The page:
How do bands get booked? What was the festival like at the start? Clockenflap founder Justin Sweeting reveals how to get the most of this year’s three-day celebration of music, art, theatre, and more
When three friends decided Hong Kong needed a music festival in 2005, many of their friends said they were crazy. Now, 11 years later, running Clockenflap is a full-time job for Justin Sweeting, Mike Hill and Jay Forster. Over the eight years since the first festival in 2008, the trio has welcomed 122,000 visitors and 450 artists (313 local, 144 international) to the ever-growing three-day event. Of course, things started small – and free – but aside from a little polish and better organisation these days, that first edition was a sign of where things were headed.
“In vision and intention, it wasn’t too different to how it looks now,” Sweeting tells Young Post. “Right from the start, we had a clear idea of what we wanted Clockenflap to be.” Namely, that vision was a fun and family-friendly celebration of culture. Music certainly takes centre-stage, but the festival actually involves a lot more than that. “There’s music, but there’s also art and film and food, crafts, family activities,” explains Sweeting. “All these elements come together to create a whole. It wasn’t an event that already existed – the kind we were craving in Hong Kong. Rather than complain about it, we thought we should just do it ourselves!”
Last year, Clockenflap was held beneath the ICC, at the West Kowloon Cultural District. But 2016 will be the year the event makes the leap to the Central Harbourfront. As well as making it slightly easier for fans from all over Hong Kong to get in and out of the festival, the move will also place the bands at the beating heart of the city’s iconic skyline. “Being in the open air under the neon skyline of our iconic city and harbourfront is going to be a wonderful experience. Seeing the acts we have playing in that kind of environment will be truly special,” Sweeting says.
“The beauty of festivals is in those magical moments you only experience when you’re there stood next to other festival-goers, and you’re all having this collective experience.” He fondly remembers Bombay Bicyle’s twilight set in 2011, which coincided exactly with a lunar eclipse. “As the set went on, the moon started to disappear. It was absolutely magical. Everyone there in that moment in time knew they were witnessing something that was never going to happen again,” he remembers.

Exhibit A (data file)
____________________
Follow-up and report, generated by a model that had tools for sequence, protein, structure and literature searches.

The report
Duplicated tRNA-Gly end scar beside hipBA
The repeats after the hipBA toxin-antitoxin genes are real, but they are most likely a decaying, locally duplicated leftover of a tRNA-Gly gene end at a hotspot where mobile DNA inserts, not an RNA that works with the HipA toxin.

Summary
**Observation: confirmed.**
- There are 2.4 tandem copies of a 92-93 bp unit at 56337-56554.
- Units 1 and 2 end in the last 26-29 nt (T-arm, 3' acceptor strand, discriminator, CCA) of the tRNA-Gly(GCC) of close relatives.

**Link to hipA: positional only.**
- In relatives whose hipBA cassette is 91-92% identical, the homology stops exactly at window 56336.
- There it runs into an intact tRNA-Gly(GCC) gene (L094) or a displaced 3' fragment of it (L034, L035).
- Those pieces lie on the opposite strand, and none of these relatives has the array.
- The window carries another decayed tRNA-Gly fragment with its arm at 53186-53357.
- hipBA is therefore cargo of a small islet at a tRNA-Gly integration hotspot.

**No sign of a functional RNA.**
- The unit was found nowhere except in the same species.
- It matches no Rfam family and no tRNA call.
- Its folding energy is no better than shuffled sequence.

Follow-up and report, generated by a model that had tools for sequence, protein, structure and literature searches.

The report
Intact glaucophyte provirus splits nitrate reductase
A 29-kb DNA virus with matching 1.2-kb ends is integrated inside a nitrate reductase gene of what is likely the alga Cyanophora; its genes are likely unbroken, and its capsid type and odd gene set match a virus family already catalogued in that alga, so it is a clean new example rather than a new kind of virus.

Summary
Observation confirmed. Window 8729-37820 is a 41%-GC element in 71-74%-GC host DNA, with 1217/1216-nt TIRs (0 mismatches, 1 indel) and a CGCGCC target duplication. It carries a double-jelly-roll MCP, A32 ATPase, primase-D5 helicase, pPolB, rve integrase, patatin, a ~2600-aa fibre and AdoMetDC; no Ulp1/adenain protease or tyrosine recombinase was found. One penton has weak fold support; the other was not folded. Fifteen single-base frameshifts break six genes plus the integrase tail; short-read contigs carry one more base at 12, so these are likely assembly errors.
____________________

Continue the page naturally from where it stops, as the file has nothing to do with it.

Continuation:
It’s not just international bands who get booked to play on the main stages: every year, there are countless local acts that take to the stage to show off the local scene. In fact, local indie band My Little Airport’s 2014 performance was hard to beat. With a lot of behind-the-scenes work to do, Sweeting doesn’t really get to ease off at the festival. However, he made an exception to check out their set. “I felt proud that this local act didn’t just play, but really brought something extra to the festival,” he says. “Everyone who saw them couldn’t stop talking about them and saying how special they were.
Many small bands may feel like they’re insignificant to the wider Hong Kong scene, and would never be able to attract the attention of a major music festival. But Sweeting understands that the city isn’t the easiest place to maintain a band, and his team spends months each year sifting through all the applications to play that they receive.
“I’m a great believer that talent will rise to the top eventually,” he says. “It’s our jobs to go out and find you. There’s no shortcut to it – you have to put in the hours, in terms of songwriting and performance. You have to be incredibly good, and the only way to be that good is to work at it.”
The Chemical Brothers, Sigur Ros, Crystal Castles and Foals are all poised to bring the house down on the main stages this year. But festival-goers who tear themselves away from the musical superstars will be rewarded with an eclectic array of visual art, theatre and dance.
This year’s theme is “Future Human”, and performers and artists from all over the world will work to represent it in unique ways. Blind Robot’s intriguing installation involves an android feeling your face; you can experience surrealist cabaret at Yeti’s Demon Dive Bar, and escape the city to 360-degree virtual reality woodland from Iteota.
For newcomers wondering how to stay comfortable over three days outdoors, Sweeting advises, “Clothing is important – comfortable shoes, because you’ll be doing lots of walking. The key to getting the most out of Clockenflap is arriving early and staying late, and coming with an open mind. There’s so much to see, do and discover beyond the music.”